- Simon Hauger is an engineer turned high school math and science teacher and more recently, principal. He began the Hybrid X Team at West Philadelphia High School 20 years ago to engage his students in math, science and engineering. The students in the after-school program have won multiple national competition with the hybrid vehicles they designed and built. Their vehicles have outperformed top Universities and corporations. In 2010 and 2014, Simon’s students were honored at the White House.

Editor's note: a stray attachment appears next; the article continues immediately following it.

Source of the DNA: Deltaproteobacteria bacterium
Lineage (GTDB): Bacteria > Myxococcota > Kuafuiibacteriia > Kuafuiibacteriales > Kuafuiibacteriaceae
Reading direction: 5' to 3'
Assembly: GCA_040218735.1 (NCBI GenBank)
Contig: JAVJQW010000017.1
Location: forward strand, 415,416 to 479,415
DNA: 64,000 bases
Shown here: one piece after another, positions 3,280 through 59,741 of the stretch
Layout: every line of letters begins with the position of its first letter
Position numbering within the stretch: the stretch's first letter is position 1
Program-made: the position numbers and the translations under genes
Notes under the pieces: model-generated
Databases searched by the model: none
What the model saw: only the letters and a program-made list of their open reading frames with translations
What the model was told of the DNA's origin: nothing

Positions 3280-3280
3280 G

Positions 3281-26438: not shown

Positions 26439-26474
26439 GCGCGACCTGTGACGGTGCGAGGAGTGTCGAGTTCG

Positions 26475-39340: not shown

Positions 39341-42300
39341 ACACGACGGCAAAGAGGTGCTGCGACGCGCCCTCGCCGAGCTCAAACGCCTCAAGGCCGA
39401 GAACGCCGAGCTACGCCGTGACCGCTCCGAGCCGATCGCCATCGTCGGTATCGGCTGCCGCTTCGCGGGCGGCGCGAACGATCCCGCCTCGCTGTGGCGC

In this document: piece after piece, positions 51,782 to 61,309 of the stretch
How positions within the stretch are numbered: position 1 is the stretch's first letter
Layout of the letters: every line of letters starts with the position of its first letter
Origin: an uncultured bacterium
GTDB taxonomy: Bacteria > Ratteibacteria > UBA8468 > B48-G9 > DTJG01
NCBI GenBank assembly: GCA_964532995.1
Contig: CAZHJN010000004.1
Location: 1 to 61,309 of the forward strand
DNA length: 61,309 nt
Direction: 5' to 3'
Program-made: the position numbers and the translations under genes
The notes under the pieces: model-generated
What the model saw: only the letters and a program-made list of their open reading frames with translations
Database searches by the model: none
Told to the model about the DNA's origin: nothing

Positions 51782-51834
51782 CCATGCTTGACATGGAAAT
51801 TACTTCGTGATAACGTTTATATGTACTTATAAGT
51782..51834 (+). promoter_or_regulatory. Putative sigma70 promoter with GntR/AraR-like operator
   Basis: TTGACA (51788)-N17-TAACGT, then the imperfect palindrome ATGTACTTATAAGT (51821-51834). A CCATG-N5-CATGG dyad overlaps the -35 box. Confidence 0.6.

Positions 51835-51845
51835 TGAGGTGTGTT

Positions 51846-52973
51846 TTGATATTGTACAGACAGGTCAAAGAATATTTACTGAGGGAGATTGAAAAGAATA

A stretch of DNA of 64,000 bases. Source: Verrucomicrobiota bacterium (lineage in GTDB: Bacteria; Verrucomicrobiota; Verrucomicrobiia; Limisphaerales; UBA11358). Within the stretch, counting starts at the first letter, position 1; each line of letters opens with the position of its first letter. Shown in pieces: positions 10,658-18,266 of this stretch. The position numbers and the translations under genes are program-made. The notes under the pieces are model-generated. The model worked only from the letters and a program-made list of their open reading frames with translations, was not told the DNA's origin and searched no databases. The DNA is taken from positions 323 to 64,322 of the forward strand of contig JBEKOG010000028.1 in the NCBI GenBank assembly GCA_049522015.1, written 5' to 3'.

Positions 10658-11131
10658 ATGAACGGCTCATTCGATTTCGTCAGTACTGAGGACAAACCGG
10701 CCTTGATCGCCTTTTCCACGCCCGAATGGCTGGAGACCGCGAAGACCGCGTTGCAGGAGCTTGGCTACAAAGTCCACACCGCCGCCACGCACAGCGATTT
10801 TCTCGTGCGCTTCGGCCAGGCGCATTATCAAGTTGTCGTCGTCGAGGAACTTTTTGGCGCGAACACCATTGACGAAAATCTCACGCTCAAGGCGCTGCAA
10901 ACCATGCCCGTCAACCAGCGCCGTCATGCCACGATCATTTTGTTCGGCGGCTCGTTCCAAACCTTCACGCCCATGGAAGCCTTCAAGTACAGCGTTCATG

Science Literacy in the Present Day
- Andrew Zwicker is a physicist and science educator. A fellow of the American Physical Society, The American Association of Physics Teachers has named him to its list of 75 leading contributors to physics education. He is the Editor of the APS Forum on Physics and Society’s newsletter and a past chair of that Forum. Additionally, he is a past member of the APS Committee on Education. At Princeton University he is a lecturer in the Writing Program and a faculty advisor for freshmen and sophomores.